Cheyenne Lee, from Cheraw, South Carolina, graduated in May of 2019 with a Bachelor of Science in Biotechnology. During the summer of 2017, Cheyenne attended Yale University as part of the Howard Hughes Medical Institute Exceptional Research Opportunities Program (EXROP). In the summer of 2018, Cheyenne attended North Carolina State University as part of the Biotechnology-based Sequencing-based Undergraduate Research Experience (BIT SURE). Having the opportunity to attend both of these summer programs was a huge accomplishment of Cheyenne’s. She is also proud of her hard work throughout her studies, especially passing calculus two as a freshman. Being a member of the honors college was rewarding for Cheyenne in many ways, but the most rewarding aspect to her were the honors seminar classes. She said, “I really enjoyed the mental challenge because the courses were more discussion based which enabled us to be open and dig deeper.” Cheyenne explained that being a member of the honors college feels like home.
For Cheyenne’s senior project she conducted research with Dr. Sandefur studying the antibiotic properties of the St. John the Worker plant, also known as St. Andrew’s Cross. The plant is known for helping with bladder and stomach problems, which is why Cheyenne chose to study it. She wanted to test traditional Native American herbal medicines for antibiotic and medicinal properties in hopes to determine if the plant could be used to help people with type 2 diabetes. Native Americans are heavily affected by obesity and type 2 diabetes and because of that Cheyenne wanted to find a way to treat these individuals utilizing one of their own herbal remedies. Her goal was to bring attention to Native American traditional medicines which are often overlooked in pharmaceutical science research.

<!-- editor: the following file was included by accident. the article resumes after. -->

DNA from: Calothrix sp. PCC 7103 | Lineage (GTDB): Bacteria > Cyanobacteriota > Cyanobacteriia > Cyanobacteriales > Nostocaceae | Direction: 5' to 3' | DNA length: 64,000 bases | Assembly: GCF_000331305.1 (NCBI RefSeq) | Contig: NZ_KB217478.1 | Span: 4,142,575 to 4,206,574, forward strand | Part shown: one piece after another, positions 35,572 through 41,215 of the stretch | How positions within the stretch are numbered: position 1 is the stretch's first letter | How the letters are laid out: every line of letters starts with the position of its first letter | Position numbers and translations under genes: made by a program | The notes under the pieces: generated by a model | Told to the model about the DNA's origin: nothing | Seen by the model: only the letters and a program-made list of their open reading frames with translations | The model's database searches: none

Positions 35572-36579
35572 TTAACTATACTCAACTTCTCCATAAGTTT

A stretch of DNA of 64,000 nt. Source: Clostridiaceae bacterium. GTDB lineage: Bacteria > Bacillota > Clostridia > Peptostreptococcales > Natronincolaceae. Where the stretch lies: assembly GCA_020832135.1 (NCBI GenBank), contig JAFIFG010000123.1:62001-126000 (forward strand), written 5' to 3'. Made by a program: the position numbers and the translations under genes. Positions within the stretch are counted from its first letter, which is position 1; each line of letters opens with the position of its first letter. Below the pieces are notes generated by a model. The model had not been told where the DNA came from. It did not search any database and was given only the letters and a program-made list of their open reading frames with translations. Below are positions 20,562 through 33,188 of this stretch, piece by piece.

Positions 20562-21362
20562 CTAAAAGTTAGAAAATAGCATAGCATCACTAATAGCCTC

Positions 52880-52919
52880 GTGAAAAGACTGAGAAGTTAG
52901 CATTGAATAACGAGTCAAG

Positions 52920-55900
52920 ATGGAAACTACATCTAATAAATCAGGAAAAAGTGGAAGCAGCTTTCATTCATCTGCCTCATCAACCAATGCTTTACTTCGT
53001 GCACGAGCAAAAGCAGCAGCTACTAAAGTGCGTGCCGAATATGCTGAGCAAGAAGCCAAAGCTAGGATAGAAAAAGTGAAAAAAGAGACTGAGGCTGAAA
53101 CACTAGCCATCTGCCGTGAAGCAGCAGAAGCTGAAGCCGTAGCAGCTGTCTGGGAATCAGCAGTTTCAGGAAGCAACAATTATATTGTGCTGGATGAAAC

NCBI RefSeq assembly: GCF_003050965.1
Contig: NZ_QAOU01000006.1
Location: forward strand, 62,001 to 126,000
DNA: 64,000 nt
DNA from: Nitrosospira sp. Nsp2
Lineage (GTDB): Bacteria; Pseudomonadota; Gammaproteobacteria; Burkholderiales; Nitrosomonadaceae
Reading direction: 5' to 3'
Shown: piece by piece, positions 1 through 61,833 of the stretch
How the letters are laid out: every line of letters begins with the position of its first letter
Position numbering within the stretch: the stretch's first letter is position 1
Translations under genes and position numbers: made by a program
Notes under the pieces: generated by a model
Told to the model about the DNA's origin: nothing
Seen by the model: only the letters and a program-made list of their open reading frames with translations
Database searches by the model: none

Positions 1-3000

After graduation, Cheyenne attended graduate school at Emory University to obtain a Ph.D. in Microbiology and Molecular Genetics (MMG). Cheyenne advises honors students to not overwork themselves, “This was a big mistake I made during my time at UNCP, and although I am proud of everything I have accomplished, I missed out on a lot of fun experiences.” She still encourages students to do their homework and study, but still have fun and do things outside of schoolwork. During her freshman year, Cheyenne was accepted into the Research Initiative for Scientific Enhancement (RISE) Program as a RISE Fellow, and into the COMPASS scholar program. These programs awarded her scholarships that enabled her to continue her studies at UNCP which let her know, “Hey I can do this!” Having this opportunity to continue her education and start conducting research opened the door, and it is by far her happiest memory at UNCP.
Mentor: Conner Sandefur
Antimicrobial Properties of St. John the Worker Native American Herbal Tea